Not for the first time, I wonder why she decided to leave this house to me. She might not have known before she died that I wouldn’t be able to afford it, but surely she had to have known that I would get stuck with all the HOA violations and all the mess.
I’m beginning to think I might not have been her favorite person after all, no matter what she used to say.
“I understand,” Mikey says. “But I’ve got an idea.”
“What’s that?” I ask warily. The last time a man told me he had an idea, it ended with a wedding ring on my finger and years of my soul and self-esteem being crushed.
“How about I take you to lunch tomorrow? We can talk about the bid, maybe see what absolutely has to be done immediately. We can figure out what we can start with, besides the dumpster, I mean, and a budget you can live with. And of course, talk about a possible insurance claim.”
“That’s a really nice offer.” Not a lie. “But the truth is, I shouldn’t waste your time. This is my problem, and I think I can sort through it all with the detailed bid you gave me.”
“Let me worry about my time,” he says with such confidence, I just want to close my eyes and believe. “I know you’re in a pinch, and I’d love to do what I can to help you out.”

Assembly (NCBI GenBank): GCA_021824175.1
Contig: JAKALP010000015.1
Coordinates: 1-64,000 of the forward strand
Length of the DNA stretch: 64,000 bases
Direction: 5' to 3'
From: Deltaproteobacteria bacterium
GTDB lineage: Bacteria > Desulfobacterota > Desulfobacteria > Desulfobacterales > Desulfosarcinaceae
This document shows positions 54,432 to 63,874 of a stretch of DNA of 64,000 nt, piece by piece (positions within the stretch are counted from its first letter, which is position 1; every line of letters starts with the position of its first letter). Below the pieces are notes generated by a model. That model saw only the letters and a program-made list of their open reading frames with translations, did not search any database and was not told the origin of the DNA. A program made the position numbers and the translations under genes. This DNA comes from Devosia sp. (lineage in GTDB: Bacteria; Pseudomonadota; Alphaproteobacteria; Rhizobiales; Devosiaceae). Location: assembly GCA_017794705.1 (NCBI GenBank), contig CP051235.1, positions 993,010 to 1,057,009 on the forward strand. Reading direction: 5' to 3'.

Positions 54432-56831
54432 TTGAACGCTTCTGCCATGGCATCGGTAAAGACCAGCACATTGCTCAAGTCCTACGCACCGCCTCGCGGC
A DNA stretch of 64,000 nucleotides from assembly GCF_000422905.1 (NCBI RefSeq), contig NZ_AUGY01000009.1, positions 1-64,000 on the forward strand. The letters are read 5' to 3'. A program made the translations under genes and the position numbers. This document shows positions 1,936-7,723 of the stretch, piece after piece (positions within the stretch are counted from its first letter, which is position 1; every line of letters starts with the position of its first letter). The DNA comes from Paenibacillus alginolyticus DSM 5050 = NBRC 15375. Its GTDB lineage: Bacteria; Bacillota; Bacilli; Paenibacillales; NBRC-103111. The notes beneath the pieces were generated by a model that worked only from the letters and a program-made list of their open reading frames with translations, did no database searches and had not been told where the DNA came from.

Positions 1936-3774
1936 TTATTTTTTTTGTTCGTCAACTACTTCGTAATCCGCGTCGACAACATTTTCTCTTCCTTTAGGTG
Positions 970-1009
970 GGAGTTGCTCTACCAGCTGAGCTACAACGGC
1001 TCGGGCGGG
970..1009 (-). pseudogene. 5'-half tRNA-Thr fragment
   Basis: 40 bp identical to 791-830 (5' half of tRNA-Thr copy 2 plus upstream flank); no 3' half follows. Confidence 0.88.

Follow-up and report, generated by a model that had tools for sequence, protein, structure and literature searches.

Pull it back, Mallory! Do not fall for the I’ll-take-care-of-you bullshit.
“Why would you want to do that?”
Maybe it’s because up until now I spent most of my time around Karl and the people from his law firm, but my experience has been that people don’t go out of their way to help you unless there’s something in it for them.
He chuckles. “Because I like you, Mallory. So what do you say, tomorrow at Wilma’s Diner? It’s on Bay Drive. I can send you a link—”
“I know where it is,” I say.
An awkward silence ensues as I wait for him to say something else and apparently he waits for me to do the same thing. I don’t know what to say, though—this is new territory for me. Someone doing something nice just because? Trust issues? Me? Only a smidgen the size of the Grand Canyon.
Eventually, Mikey must get tired of waiting on me to speak, because he clears his throat. “So tomorrow at noon? Is it a date? Tell you what, I can even pick you up.”
“Sure,” I say, crossing my fingers in hopes that this isn’t a bad decision. “I’ll see you then.”